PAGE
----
Plus it’s only a few minutes outside the city which means it’s the perfect Japanese day trip from Portland!
Forest bathing, anyone?!
Type of Japanese Garden: Strolling Garden
Location: Philadelphia, Pennsylvania
Admission: $14 for Adults, $9 for Children (5-17)
Opening Times: Wednesday – Sunday | 11:00am – 5pm (Excluding November and December
Shofuso, which translates as ‘Pine Breeze Villa’ is a house designed by architect Junzo Yoshimura that was shipped over to the US in 1958.
Whilst the main attraction may well be the house, it’s surrounded by a tea garden, koi pond, waterfall, and other traditional Japanese garden features.
Some of the pictures I’ve seen of this place look absolutely fantastic, but I’m sure the only real way to view it is with your own eyes. So get down and have a look if you’re anywhere near!
5. Japanese Tea Garden, San Francisco
Type of Japanese Garden: Tea Garden
Location: San Francisco, California
Admission: $10 for Adults, $7 for Children (5-11)
Opening Times: Everyday | Summer 9:00am – 4:45pm, Winter 9am – 5:45pm
Smack bang in the middle of Golden Gate Park sits a stunning Japanese-style tea garden.
At only 5 acres, the garden isn’t nearly as big as some of the strolling gardens in California, yet it’s still packed full of exceptional design and beauty.
The extreme detail in this Japanese garden makes it stand out as one of my favorite out of all of them. Not that me saying that makes any difference to you, but it’s truly a work of art. Have a look at some of the pictures online and tell me you aren’t amazed!
As it’s a tea garden, there’s also a tea house where you can sample traditional Japanese tea and snacks. Pretty much the best part of any day!
6. Hayward Japanese Gardens
Type of Japanese Garden: Strolling
Location: Hayward, California
Opening Times: Everyday | 8:30am – 4:00pm (Excluding Christmas Day)
At only 2.5 acres, this Japanese garden in California is definitely one of the smallest, but that really doesn’t impact its beauty.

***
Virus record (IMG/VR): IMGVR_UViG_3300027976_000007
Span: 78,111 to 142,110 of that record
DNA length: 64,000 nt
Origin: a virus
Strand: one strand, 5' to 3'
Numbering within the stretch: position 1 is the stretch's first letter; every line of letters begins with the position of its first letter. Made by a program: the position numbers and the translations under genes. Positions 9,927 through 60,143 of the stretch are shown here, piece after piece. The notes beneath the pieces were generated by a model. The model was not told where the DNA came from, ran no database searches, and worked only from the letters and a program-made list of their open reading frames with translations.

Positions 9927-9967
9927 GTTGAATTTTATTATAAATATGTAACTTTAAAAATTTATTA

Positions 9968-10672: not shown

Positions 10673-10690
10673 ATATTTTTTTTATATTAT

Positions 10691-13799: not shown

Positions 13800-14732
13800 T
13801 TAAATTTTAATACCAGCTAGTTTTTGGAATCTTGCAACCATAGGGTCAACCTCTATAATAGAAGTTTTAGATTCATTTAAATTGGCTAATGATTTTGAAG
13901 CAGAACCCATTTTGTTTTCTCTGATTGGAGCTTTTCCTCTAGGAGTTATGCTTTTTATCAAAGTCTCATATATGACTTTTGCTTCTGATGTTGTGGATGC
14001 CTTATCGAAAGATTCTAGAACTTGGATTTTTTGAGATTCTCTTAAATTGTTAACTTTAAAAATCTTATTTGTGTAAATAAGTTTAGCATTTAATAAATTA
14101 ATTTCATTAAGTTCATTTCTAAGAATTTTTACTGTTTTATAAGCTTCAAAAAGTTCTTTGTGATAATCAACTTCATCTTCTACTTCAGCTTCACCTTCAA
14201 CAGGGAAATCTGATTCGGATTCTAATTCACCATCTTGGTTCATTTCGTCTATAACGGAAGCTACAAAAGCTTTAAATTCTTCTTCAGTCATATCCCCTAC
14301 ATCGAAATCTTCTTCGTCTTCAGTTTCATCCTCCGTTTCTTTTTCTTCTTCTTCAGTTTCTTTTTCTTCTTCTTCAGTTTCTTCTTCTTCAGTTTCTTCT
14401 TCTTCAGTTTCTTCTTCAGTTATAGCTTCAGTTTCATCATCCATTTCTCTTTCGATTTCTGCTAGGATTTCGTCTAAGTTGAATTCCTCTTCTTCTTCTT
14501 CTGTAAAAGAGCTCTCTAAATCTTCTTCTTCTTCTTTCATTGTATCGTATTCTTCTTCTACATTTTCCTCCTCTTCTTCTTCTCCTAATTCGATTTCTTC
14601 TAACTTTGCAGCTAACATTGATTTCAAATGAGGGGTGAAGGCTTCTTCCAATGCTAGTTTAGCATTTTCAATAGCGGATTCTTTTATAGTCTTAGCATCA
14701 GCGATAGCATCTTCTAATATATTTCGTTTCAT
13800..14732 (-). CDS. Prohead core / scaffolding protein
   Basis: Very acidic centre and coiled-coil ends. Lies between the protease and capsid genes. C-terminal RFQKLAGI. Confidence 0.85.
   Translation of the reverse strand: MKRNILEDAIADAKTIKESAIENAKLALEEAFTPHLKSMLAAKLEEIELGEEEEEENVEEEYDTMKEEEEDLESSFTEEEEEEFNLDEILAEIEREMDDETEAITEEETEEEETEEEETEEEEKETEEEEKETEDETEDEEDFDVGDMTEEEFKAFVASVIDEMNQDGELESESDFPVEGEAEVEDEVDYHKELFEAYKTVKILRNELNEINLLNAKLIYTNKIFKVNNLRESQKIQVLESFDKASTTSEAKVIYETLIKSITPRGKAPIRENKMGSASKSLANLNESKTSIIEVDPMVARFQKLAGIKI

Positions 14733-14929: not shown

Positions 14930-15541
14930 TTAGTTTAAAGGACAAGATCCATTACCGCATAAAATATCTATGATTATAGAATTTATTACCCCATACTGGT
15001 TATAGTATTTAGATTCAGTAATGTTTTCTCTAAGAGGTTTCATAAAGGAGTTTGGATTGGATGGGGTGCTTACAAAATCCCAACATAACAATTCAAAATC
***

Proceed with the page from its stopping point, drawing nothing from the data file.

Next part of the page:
It’s the very first Japanese garden to be developed entirely in the United States, making it worth a visit for that reason alone.
But if that hasn’t convinced you (not everyone is as geeky about Japan and gardening as I am), then you only have to look at its beautiful Japanese trees and traditional wooden buildings to see just how spectacular this garden is.
Plus, it’s just a quick drive away from the tea garden next to the golden gate bridge. Two for the price of one, kind of!
7. Hakone Gardens
Type of Japanese Garden: Zen, Strolling, Tea
Location: Saratoga, California
Admission: $10 for Adults, $8 for Children
Opening Times: Weekdays | 10:00am to 5:00pm
I’ve been to Hakone a number of times and it’s truly the epitome of Japanese zen. Ryokan sat snuggly between misty mountains, bamboo forests, and Japanese wildlife.
To attempt to combine all of that into a garden is an extremely tough ordeal.
But the folks over at Hakone Gardens in Saratoga, California, have done their best. And their best is damn good.
This is probably what I would call the best Japanese garden in California, and I don’t say that lightly.
By taking a look at the Hakone Garden map, you can see the area is split up into many different areas including Waterfalls, Bridges, Tea Gardens, Bamboo gardens, and others.
Of course, nothing is truly the same as visiting Hakone for yourself, but this Japanese garden in America presents itself as more of an experience than simply another garden.
Completely worth a visit even if Japanese gardens aren’t really your thing (why aren’t they?!)
8. Morikami Musem and Japanese Gardens – Roji-En
Type of Japanese Garden: Stroll, Shinden, Paradise, Dry, Hiraniwa, Modern Romantic
Location: Palm Beach Country, Florida
Admission: $15 for Adults, $9 for Children (6-7)
Opening Times: Weekdays | 9am – 5pm
In Palm Beach, Florida sits the Morikami Museum. Though only classed as an extension to the museum, the Roji-En Japanese garden sits inside.
When I heard it was only designed to be an extension to the museum, I expected very little, perhaps an inspired afterthought at most. How wrong I was!
With a total of 6 gardens, the Roji-En Japanese garden in Florida is a stunning display of design and honor to Japan’s traditional gardening culture.
There are pine forests, Bamboo groves, waterfalls, dry gardens, paradise gardens, the list is huge.
And at over 16 acres, so is the garden.
9. Byodo-In Temple
Type of Japanese Garden: Temple
Location: Kahaluu, O’ahu, Hawaii
Admission: $5 for Adults, $3 for Children (Under 12)
Opening Times: 8:30am – 5:00pm daily
Last, but by no means least, is the Byodo-In Temple in Hawaii.
Yep, I said temple and not Japanese garden. Because although this site is primarily considered a temple attraction, there are some beautiful gardens and surroundings as well.
Visitors can expect to see a huge koi pond in front of the temple, as well as a reflecting pond, waterfalls, and wild peacocks.
Of course, peacocks not being an entirely authentic addition to the temple, but still pretty damn cool!
It’s an absolutely stunning piece of Japanese architecture, and wouldn’t be out of place in the foothills of Mount Fuji, let alone Hawaii!